The New Museum triennial, “The Ungovernables,” represents the uncertainty, angst, and disillusionment of a generation subject to incredible instability. The five-floor exhibition presents works by fifty artists born in the late 1970s and 1980s, the vast majority hailing from non-western nations. The diverse ethnicities and medias do not abandon some unifying threads, like the search for identity or representation and a sense of coming of age.
A few standout works express their themes clearly while others require considerable explanation. Adrián Villar Rojas’s sculpture, A Person Loved Me, hints at the inevitable failure of technological objects. The monumental work appears futuristic and extraterrestrial because of its unprecedented shapes and machine-like form, yet it possesses an archaic, decayed feel due to its earthy, cracked appearance. PrayWay, by Slavs and Tatars, suggests a need for new perspectives on religious traditions by encouraging congregation on its light-enhanced floating carpet taking the shape of a prayer book. Also, the video projection JEWEL, by Hassan Khan, shows two gentlemen, one younger and one older, dancing to synthesized Cairene music. The dance begins controlled and repetitive but gradually becomes contentious, expressive and independent, referencing a struggle for freedom.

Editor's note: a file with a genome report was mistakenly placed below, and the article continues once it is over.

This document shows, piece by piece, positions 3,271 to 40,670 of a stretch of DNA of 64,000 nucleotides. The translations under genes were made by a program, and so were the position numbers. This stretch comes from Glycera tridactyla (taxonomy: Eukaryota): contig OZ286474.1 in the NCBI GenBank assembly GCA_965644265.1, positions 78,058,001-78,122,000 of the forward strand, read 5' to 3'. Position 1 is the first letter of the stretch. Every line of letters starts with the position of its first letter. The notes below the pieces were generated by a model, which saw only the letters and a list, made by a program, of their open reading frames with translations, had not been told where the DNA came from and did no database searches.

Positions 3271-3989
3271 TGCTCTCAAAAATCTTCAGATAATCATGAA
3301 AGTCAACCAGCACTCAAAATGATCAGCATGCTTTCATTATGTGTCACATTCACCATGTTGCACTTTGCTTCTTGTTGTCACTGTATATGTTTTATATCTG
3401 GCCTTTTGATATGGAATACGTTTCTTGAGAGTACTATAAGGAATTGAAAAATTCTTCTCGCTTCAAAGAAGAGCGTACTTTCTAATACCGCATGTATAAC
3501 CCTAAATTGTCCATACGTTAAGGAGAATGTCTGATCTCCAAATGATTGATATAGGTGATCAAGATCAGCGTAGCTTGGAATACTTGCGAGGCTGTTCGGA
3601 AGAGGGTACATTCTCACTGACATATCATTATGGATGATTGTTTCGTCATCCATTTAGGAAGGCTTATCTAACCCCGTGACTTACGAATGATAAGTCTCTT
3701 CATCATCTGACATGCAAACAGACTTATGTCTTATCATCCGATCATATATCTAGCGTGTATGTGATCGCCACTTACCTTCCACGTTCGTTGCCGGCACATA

While the artists in “The Ungovernables” may challenge existing political and social perceptions, thus recognizing failures of previous traditions or constraints, the show exhibits their developing resolve and endeavors to create a new context.